How to enable safe testing of automated vehicles at proving grounds - answers to be found in the new SAFER associated project ETAVEP

Enablers for Testing Autonomous Vehicles at Existing Proving ground – ETAVEP,  is the name of a new associated project in SAFER’s project portfolio. At today’s proving grounds, safety during testing is guaranteed by trained skilled test drivers. However, future autonomous vehicles will either lack controls or simply not have room for a skilled test driver. Thus, it is now essential to develop effective methods to ensure that testing is safe for the people who work on the test track.

The project aims to research which technologies and which level of technology performance is required to replace the safety driver with another solution for autonomous vehicle testing at existing proving ground facilities while maintaining the manual driven vehicles, mixed traffic. The project started in April and will be concluded in March 2022. Volvo Cars, AB Volvo, AstaZero, RISE, Chalmers, SafeRadar are partners in the project. Albert Lawenius, at Volvo Cars is leading the project.
A summary of the research questions that will be addressed in the project:

1. Which global monitoring principles need to be applied? To what extent does the current proving ground traffic control concept need to be extended and/or changed to adequately supervise autonomous vehicles on test tracks?
2. Which local monitoring principles need to be applied? Since both living and inanimate objects may appear on the test track unexpectedly (in the sense of a tree falling down, an animal jumping the fence or a road worker experiencing transponder malfunctions), which object detection and classification capabilities need to be installed in addition to those used for continuous traffic control?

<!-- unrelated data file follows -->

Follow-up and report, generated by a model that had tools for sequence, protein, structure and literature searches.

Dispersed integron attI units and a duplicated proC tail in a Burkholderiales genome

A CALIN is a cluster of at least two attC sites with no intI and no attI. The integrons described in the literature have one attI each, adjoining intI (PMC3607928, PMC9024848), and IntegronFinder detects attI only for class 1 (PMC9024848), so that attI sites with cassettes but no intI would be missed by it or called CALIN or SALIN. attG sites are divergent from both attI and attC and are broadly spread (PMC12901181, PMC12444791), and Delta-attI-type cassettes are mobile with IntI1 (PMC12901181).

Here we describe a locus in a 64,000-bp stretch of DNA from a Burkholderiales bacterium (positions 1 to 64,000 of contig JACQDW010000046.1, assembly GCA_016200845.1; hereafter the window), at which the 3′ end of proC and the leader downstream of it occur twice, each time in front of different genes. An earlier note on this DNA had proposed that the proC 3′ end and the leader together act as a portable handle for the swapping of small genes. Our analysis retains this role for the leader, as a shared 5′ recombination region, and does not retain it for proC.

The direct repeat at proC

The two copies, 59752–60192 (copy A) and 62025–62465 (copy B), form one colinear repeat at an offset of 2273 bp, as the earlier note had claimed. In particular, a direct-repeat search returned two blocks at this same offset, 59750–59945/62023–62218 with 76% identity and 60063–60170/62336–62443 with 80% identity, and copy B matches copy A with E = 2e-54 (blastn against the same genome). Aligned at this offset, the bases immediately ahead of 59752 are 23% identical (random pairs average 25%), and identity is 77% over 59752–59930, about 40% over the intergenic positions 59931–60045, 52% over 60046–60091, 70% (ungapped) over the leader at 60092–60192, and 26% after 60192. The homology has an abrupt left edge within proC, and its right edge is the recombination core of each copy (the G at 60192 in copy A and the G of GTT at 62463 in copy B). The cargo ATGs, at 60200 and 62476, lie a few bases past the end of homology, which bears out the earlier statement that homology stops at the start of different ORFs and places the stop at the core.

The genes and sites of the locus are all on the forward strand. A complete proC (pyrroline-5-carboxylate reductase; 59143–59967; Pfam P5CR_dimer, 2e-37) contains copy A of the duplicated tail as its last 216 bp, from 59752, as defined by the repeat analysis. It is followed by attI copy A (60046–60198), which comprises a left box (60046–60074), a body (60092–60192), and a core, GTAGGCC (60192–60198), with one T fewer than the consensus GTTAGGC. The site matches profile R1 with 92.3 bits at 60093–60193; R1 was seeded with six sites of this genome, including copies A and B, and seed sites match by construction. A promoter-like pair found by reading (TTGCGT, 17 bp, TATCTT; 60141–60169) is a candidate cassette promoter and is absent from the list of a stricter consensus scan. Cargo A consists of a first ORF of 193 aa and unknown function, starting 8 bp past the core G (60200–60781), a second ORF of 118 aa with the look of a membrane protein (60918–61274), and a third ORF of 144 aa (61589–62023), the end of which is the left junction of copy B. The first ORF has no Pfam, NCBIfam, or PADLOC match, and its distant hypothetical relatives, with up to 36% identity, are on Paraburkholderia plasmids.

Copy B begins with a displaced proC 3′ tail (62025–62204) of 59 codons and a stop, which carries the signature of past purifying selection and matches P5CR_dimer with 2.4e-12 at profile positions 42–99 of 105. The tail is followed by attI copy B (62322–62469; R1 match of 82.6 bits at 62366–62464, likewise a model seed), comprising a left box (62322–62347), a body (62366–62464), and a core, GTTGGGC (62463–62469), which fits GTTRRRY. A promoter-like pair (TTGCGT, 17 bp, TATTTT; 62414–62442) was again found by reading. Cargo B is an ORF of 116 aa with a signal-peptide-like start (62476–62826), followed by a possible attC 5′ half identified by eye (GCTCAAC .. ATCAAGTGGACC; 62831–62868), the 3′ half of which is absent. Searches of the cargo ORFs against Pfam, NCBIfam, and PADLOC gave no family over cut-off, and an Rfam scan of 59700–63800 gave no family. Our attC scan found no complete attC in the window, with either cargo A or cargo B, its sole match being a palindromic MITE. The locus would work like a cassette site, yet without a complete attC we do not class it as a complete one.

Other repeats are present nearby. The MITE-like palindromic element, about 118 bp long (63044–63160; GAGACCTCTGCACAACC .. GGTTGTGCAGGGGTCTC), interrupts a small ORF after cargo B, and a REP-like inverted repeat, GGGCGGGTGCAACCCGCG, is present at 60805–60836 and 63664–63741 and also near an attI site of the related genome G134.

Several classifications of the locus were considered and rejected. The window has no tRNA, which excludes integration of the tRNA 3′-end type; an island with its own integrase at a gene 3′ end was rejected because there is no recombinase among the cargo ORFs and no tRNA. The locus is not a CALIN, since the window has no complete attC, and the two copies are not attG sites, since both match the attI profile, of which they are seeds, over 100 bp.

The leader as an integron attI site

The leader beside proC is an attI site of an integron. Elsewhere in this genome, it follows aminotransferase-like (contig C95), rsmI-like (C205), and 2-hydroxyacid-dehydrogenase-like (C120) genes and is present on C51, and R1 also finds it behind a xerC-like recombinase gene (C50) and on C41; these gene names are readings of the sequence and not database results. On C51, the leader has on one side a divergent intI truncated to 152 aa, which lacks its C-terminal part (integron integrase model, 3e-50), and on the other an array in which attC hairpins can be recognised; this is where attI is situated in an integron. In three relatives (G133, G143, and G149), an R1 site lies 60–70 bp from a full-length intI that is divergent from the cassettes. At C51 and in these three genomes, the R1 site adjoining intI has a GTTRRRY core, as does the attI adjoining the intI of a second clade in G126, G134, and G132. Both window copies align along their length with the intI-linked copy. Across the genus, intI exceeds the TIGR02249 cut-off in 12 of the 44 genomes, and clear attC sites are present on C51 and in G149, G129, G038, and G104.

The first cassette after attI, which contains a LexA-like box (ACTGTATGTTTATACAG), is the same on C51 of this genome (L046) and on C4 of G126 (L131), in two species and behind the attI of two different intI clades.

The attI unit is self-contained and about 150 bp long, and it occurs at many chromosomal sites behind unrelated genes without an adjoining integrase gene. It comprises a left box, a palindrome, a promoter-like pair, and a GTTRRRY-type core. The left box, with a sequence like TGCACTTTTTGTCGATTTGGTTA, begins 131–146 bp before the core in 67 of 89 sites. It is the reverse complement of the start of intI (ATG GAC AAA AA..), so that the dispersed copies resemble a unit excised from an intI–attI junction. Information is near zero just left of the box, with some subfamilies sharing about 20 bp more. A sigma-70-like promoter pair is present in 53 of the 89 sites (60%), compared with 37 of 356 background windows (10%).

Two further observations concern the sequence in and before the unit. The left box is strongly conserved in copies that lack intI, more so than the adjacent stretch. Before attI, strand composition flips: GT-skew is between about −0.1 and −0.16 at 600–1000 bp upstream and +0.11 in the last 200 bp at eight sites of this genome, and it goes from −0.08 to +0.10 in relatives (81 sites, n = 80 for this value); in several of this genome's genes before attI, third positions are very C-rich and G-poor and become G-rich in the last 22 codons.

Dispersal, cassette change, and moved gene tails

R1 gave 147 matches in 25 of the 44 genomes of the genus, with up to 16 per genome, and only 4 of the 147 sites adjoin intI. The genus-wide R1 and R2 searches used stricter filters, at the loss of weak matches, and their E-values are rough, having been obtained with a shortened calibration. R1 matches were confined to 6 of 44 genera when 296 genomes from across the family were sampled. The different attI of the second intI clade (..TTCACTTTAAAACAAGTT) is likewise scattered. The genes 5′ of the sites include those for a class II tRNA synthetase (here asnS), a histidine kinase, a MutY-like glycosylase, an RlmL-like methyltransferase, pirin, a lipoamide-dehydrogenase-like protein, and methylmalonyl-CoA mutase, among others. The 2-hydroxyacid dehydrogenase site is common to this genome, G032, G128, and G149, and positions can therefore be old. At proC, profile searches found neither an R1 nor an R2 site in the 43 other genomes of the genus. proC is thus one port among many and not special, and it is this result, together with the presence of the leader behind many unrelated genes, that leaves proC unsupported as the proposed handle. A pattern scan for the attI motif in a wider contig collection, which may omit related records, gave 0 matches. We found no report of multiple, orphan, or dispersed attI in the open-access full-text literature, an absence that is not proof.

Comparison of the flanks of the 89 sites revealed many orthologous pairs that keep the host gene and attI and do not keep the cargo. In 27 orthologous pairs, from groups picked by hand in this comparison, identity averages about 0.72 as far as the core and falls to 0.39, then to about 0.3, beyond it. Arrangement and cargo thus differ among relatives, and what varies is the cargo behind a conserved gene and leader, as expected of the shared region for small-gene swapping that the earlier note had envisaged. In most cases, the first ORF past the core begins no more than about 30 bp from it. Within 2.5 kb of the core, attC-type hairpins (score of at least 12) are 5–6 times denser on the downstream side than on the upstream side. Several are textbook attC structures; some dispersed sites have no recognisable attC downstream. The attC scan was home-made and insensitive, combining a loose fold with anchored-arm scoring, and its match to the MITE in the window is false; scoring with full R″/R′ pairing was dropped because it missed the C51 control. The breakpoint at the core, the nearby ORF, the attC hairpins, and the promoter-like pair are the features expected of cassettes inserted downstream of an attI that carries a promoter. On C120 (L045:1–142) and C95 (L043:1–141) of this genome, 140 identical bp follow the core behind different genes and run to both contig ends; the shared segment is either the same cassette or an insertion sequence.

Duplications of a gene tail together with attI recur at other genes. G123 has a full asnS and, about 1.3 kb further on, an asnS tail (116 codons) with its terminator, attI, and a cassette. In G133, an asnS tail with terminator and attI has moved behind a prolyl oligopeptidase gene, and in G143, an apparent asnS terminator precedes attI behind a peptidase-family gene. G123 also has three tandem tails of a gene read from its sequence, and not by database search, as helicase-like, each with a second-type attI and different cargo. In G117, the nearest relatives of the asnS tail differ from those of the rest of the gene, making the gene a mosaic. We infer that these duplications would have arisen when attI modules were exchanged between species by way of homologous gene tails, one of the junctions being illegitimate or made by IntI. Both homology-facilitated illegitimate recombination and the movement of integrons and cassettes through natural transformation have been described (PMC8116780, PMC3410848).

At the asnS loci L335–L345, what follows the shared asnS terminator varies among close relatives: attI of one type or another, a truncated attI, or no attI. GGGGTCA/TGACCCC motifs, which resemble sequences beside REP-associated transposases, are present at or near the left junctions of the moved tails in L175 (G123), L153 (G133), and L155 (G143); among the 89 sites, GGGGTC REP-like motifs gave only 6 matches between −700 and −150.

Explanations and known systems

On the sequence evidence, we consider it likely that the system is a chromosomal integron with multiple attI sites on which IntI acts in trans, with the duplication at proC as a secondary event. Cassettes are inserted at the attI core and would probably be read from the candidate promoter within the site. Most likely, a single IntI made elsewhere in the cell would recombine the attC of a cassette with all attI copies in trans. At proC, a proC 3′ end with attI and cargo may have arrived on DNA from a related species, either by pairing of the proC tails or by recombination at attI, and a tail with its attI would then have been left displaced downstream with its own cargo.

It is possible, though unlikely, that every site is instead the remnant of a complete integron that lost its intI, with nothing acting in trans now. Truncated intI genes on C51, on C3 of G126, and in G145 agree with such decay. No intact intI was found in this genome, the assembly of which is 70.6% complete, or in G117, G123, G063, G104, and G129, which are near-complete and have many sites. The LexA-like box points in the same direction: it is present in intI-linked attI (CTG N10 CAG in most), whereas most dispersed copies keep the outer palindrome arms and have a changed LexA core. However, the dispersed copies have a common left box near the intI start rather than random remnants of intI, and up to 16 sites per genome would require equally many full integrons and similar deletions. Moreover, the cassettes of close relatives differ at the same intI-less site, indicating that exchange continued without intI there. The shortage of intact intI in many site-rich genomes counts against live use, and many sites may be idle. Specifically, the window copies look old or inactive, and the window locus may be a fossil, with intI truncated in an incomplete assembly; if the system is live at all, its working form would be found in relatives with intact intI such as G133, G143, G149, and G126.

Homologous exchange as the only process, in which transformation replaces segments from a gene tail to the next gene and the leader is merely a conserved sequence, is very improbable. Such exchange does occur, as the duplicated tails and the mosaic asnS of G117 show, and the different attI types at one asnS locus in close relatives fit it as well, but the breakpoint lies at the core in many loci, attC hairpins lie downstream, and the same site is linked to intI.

3. Can a type of on-board monitoring for vehicle faults be developed that detects mechanical faults and wear as well as (or better than) an experienced test driver? In particular, will statistical models of expanded non-parametric transmissibility estimates using Local Rational Models (LRM) with a general sensor setup provide a sufficiently robust and accurate performance in this capacity?
4. How to take emergency control over an autonomous vehicle at risk? If a risk materialises in any of the above monitoring systems, how does one make sure that the autonomous vehicle can be brought to a safe stop?
5. What is a sufficient set of test cases for validating concepts that have been developed to address 1-4? Since it is impossible to test for all combinations of potential errors, what is an appropriate set of edge cases that if handled will guarantee the desired safety envelope in the four safety aspects described above?


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SAFER is the open research arena where researchers and expertise work together to create safe mobility. Our traffic safety approach covers people, vehicles and the infrastructure – and together we contribute to safer road transports and smarter, more sustainable cities.

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